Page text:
FCPA in the Trump DOJ: Continuing Down the Same Path, with a Little More Heft
Next week marks the 40th anniversary of the Foreign Corrupt Practices Act – it became effective December 19, 1977. Deputy Attorney General Rod Rosenstein marked the occasion this month by providing an update on the FCPA Pilot Program announced in spring 2016 and detailed in this article. Bottom line: the FCPA policy now provides for a presumed declination of prosecution for companies that complete a fulsome self-disclosure disgorgement, and remediation program.
AG Rosenstein’s update amounted to a repeated endorsement of the program, which credits voluntary self-disclosure by companies with FCPA issues, and a decision to transition from pilot status to full-fledged Department of Justice (DOJ) program run out of the Fraud section of the DOJ. The update also aimed to provide more clarity to participating companies regarding what they can expect if they elect to self-disclosure rather than risk federal investigation and possible charges. While before the pilot program provided discounts off the sentencing range for companies that self-disclose and cooperate, the revised program provides for a presumption that the DOJ will resolve the matter through a declination of prosecution, provided the programmatic requirements (self-disclosure, cooperation, remediation) are met. That presumption will only be overcome if there are “aggravating circumstances” such as repeat FCPA offense issues or particularly serious conduct.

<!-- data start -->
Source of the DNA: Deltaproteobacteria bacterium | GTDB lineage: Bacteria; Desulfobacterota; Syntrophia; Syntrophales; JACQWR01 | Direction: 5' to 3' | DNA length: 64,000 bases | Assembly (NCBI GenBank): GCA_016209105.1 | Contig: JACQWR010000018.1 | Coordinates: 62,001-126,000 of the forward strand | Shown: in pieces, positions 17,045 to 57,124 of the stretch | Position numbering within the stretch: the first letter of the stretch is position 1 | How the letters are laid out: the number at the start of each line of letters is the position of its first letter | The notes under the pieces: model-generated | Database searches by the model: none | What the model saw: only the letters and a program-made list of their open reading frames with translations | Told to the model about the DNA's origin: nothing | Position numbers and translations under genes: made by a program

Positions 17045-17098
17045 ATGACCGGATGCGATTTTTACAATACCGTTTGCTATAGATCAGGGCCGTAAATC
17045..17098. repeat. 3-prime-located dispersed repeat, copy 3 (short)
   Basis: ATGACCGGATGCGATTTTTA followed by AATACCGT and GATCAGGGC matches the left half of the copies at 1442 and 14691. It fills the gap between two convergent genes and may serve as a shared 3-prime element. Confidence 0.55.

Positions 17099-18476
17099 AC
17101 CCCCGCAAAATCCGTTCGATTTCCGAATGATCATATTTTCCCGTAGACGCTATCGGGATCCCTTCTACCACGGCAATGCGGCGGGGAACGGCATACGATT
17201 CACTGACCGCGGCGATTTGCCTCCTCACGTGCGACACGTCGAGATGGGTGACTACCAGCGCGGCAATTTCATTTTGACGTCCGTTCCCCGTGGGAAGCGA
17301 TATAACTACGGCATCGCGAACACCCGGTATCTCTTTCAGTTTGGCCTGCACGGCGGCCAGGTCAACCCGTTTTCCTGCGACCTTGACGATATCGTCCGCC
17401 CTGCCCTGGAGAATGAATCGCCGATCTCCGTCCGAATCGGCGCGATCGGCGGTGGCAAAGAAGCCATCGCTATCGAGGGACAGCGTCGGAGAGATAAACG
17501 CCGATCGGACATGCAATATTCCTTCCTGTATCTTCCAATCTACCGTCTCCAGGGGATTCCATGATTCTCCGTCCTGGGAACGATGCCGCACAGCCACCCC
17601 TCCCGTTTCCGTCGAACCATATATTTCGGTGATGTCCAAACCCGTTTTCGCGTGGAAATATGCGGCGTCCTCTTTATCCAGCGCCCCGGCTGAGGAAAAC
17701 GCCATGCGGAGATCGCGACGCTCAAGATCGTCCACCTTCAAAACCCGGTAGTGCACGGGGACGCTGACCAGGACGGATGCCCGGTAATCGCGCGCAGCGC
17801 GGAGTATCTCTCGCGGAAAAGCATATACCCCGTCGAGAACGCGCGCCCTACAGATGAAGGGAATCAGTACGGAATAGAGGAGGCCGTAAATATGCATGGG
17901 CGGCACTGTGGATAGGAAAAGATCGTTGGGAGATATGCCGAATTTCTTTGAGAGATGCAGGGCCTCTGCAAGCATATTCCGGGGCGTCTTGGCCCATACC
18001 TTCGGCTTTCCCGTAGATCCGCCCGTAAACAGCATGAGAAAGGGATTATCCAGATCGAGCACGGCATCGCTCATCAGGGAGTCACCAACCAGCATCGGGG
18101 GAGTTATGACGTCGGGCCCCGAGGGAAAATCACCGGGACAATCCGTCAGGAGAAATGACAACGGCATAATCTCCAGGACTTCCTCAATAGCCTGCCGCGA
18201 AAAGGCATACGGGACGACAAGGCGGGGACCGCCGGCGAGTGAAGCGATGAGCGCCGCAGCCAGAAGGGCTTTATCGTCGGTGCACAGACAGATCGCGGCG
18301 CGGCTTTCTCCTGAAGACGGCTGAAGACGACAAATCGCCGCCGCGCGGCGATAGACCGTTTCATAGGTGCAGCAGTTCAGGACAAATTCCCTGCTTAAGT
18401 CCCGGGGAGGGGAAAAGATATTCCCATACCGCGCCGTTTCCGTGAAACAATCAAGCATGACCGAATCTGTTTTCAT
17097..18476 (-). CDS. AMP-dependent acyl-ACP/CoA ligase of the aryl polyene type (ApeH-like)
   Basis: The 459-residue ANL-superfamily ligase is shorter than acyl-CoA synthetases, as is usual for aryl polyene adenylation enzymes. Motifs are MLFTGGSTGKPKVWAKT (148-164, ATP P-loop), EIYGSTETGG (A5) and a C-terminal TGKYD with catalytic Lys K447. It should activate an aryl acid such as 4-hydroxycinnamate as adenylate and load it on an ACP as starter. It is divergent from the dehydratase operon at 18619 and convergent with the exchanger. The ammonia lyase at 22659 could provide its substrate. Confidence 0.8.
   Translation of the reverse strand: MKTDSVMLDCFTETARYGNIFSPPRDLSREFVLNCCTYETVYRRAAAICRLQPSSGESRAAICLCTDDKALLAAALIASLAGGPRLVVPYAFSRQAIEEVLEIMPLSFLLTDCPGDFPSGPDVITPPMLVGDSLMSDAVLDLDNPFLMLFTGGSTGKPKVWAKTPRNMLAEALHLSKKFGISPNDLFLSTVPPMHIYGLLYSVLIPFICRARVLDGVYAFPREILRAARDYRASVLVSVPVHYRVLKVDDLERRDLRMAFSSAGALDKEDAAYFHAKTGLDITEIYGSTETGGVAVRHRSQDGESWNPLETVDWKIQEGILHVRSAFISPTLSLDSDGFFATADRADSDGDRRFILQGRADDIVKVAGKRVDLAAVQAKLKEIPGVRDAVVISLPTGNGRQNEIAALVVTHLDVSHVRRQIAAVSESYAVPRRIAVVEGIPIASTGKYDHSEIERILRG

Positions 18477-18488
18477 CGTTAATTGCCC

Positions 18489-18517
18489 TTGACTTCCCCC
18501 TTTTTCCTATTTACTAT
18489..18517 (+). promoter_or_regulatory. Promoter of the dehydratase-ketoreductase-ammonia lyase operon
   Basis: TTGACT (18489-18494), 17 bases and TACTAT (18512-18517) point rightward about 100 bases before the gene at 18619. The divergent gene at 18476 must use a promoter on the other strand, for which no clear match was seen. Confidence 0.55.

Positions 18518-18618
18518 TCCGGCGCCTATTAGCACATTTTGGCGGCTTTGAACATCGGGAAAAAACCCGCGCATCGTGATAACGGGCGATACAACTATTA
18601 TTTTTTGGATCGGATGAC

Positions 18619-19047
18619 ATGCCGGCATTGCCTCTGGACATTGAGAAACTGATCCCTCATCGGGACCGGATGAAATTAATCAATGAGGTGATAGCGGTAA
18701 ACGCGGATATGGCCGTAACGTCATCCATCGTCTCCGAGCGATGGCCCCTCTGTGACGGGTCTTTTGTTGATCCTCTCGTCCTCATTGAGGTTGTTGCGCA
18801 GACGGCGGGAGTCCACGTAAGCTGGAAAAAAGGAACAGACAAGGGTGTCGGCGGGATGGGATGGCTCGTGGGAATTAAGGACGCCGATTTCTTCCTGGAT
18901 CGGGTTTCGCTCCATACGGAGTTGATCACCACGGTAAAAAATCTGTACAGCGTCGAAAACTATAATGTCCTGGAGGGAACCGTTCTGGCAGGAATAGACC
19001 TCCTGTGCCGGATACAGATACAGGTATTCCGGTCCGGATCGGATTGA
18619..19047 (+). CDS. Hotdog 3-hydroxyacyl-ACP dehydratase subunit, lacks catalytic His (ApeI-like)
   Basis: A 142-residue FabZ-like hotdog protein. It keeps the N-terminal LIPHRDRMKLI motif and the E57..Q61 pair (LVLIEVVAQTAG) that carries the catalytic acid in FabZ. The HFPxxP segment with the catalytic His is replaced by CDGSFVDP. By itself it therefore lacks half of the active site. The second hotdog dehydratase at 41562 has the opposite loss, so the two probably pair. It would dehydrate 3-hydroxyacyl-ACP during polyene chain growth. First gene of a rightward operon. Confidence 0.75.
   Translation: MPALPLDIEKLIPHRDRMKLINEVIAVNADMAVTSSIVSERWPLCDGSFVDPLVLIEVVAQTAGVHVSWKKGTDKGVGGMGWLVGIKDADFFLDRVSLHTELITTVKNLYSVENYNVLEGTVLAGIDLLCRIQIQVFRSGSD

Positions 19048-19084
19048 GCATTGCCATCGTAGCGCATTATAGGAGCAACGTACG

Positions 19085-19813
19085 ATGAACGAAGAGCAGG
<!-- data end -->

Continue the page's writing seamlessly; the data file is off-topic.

The cooperation requirement also received additional attention, and continues to be a particularly fraught aspect of the self-disclosure analysis. Cooperation, in the FCPA context, means not only proactively sharing information about the relevant bribery or violative conduct, but also attributing the information to its source, and possibly naming third-parties as well. Remediation, on the other hand, is limited to the company doing the disclosing, and involves possibly disgorging any ill-gotten gains as well as implementing and maintaining a functioning, effective compliance program.
The new non-pilot FCPA policy is going to live in the U.S. Attorneys’ manual, and AG Rosenstein expects that will lead to broader use and compliance with the policy. It is not a marked change from the prior regime, in fact it may be viewed primarily as building on Holder and Lynch-era FCPA efforts, but the new presumption does give a little more weight and clarity to the benefits of self-disclosure, should a company elect to pursue that path. Weighing the benefits and downsides of disclosure, however, is still a challenging and highly company and fact-specific exercise, particularly since FCPA program participation is designed to reward and protect cooperating companies, not individual executives, board members, or the like.